Coast Guard, others practice oil spill response in NC

Coast Guard Capt. Patricia Hill (right), commander, Sector North Carolina, participates in an oil spill exercise at the Morehead City Convention Center in Morehead City, North Carolina, Sept. 15, 2016. Among agencies represented at the exercise were the U.S. Coast Guard, Environmental Protection Agency, NOAA’s Emergency Response Division, U.S. Fish and Wildlife Service, members of Marine Corps Environmental Management (both Camp Lejeune and Cherry Point), North Carolina Emergency Management and State On-Scene Coordinator, Carteret County, as well as members from oil spill response organizations such as HEPACO and SR&R. (U.S. Coast Guard photo by Lt. Cmdr. Elizabeth Buendia)

Coast Guard Capt. Patricia Hill (right), commander, Sector North Carolina, participates in an oil spill exercise at the Morehead City Convention Center in Morehead City, North Carolina, Sept. 15, 2016.  (U.S. Coast Guard photo by Lt. Cmdr. Elizabeth Buendia)

WILMINGTON, N.C. — Coast Guard Sector North Carolina personnel and members of partner agencies participated in an oil spill response exercise at the Morehead City Convention Center in Morehead City, Thursday, Sept. 15.

The exercise focused on a remediation of underwater legacy environmental threats (RULET) vessel, which could potentially threaten the shores of the Outer Banks and Pamlico Sound if a discharge took place.

The exercise was designed to test participant’s area contingency and geographic response plans involving the W.E. Hutton.

The W.E. Hutton, a 453-foot vessel carrying 2.7 million gallons of #2 heating oil, was sunk by a German U-boat in 1942. Due to the nature of the vessel sinking and questionable status of material remaining aboard, this vessel has been classified as posing a potential threat to the coast of North Carolina.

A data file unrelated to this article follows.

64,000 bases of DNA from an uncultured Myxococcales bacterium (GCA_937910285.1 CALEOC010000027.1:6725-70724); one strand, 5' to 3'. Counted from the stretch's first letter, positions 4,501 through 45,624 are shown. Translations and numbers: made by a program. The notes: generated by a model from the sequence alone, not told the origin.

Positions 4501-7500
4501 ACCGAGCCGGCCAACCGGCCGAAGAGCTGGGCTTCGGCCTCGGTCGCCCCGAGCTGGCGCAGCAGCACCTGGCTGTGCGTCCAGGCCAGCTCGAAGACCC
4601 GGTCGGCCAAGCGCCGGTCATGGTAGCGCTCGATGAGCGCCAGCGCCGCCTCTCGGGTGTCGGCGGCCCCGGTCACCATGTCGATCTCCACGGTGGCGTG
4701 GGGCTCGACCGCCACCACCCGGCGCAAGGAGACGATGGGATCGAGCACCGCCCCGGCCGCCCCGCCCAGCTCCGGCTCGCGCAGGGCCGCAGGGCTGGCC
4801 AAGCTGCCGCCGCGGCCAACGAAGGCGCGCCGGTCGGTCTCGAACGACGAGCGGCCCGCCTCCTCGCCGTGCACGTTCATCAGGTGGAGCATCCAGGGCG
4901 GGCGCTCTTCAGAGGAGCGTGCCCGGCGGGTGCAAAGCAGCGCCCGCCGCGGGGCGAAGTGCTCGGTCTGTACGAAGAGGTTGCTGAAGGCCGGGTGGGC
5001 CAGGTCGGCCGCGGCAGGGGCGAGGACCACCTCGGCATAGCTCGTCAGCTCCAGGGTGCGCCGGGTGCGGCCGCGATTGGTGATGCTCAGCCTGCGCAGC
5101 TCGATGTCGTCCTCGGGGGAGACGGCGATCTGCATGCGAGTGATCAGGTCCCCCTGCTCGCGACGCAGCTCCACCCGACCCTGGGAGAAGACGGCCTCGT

Among the agencies represented were the U.S. Coast Guard, Environmental Protection Agency, NOAA’s Emergency Response Division, U.S. Fish and Wildlife Service, members of Marine Corps Environmental Management from Camp Lejeune and Cherry Point, North Carolina Emergency Management and State On-Scene Coordinator, Carteret County, as well as members from emergency environmental response organizations including HEPACO and SR&R Environmental.

“Coast Guard Sector North Carolina has a vested interest in ensuring we are ready to respond to any threat to our waters, and the best response is a unified effort with our partners,” said Capt. Patricia Hill, commander, Sector North Carolina and Captain of the Port. “Through joint planning and cooperation, the Coast Guard has worked to develop methods to manage the complications associated with response to an oil spill on the beaches of the Outer Banks. The exercise has better prepared all agencies to respond to and minimize the impact of such an incident.”

For further information concerning RULET vessels and the project, visit: http://ift.tt/12P3hmO

To view the area contingency plan, please visit: http://ift.tt/2d4XROj

Related Posts

Comments are closed.